But even if temporary depression, or seasonal depression, postpartum depression, please don’t sink in silence. Someone out there understands. Internet support groups, real life support groups. Find someone to talk to, a friend, a doctor, or therapist. It’s not your fault.  It’s no different than having a physical illness, but in your mind. You know how you feel like you’re going to die when you have the flu? Well you’ve got the brain’s version of the flu. It’s unbearable at times, and feels never ending while it’s there, but it does go away. Sometimes medication is necessary, like insulin is necessary to a diabetic. Being depressed has nothing to do with strength or weakness, it’s a condition that millions of people live with. And there are lifesavers everywhere waiting for you to reach out for that logical hand. But in order to find it, you have to shatter the isolation of silence by being open and honest until you get whatever kind of help sufficient enough to save you from yourself, until you don’t need saving.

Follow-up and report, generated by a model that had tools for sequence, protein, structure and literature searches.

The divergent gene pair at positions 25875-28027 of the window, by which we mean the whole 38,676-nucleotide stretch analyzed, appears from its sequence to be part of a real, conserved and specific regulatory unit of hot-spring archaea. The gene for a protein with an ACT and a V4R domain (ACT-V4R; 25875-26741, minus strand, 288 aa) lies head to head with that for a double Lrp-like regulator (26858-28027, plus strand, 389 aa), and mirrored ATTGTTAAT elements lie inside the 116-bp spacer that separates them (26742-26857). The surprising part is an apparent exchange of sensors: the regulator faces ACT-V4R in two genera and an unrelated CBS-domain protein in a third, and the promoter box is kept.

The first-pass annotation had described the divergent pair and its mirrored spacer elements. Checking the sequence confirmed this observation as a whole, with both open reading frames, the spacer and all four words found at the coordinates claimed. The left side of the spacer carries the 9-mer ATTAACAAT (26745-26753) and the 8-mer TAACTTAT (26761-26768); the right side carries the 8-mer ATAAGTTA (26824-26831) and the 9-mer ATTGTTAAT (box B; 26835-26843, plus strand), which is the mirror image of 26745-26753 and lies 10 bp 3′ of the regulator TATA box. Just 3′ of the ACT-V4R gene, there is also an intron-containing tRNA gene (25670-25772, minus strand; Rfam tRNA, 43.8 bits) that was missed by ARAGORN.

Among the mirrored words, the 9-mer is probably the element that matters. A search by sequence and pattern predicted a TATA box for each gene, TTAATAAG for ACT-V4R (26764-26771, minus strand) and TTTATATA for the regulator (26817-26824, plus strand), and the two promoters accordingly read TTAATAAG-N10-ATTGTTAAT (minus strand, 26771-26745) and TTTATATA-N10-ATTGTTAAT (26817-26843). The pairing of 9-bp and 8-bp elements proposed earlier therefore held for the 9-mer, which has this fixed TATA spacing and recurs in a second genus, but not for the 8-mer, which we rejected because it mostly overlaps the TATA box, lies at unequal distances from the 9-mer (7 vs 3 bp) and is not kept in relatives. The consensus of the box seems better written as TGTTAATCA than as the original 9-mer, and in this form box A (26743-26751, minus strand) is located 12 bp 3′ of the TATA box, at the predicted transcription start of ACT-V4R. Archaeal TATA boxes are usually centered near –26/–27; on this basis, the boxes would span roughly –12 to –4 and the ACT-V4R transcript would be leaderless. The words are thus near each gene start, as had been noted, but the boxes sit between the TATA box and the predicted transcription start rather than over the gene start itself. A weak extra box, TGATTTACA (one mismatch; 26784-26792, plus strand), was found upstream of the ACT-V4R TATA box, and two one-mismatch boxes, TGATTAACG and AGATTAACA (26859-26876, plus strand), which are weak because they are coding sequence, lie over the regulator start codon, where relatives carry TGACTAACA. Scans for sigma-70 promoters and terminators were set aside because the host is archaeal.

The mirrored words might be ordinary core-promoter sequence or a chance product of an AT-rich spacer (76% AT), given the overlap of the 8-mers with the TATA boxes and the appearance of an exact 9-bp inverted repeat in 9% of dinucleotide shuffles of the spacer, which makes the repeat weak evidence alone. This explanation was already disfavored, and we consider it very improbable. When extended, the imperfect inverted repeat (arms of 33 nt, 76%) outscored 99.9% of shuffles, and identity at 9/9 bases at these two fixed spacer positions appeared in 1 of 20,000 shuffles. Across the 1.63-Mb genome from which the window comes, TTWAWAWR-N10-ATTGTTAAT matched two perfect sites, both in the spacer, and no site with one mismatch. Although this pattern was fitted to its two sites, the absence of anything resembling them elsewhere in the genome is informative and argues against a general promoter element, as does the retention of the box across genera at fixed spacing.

I’m tired of hiding. I’m tired of this uptight cupcake, ironed pants social indoctrination that allows us to suffer in silence. People don’t want to hear I’m depressed because, somewhere along the line we were taught that depression is personal. Don’t mistake me, I love things about life too, social niceties can be exactly that, I’m not always depressed, typically I am in good spirits. But how refreshing would it be to say “Hey guys, I’m feeling really low tonight” without scaring people, or awkwardness, or regret, and to get real feedback and understanding.

It would be awesome to live in a time where I could sit beside a stranger on the bus and when asked how I was, casually say “I’m down” without it putting a damper on the mood. The honest truth is that I’ve never met anyone who hasn’t suffered from depression, whether it be circumstantial, or chemical. Depression might be dampening the mood of the depressed person, but if someone tells you they have a headache, you don’t get a headache too. And you automatically know to say, do you have any ibuprofen? When people can talk about depression out loud, openly, and honestly it takes it from an emotional place that is unstable, and puts it into a reality that is like looking at it in third person. Verbalizing emotions enables logic to enter the paradigm. In a society that welcomes honesty, we could speak candidly about our real emotions, and in return feel less isolated, we shouldn’t have our realities swept under the rug because they don’t fit into a unicorns  asshole.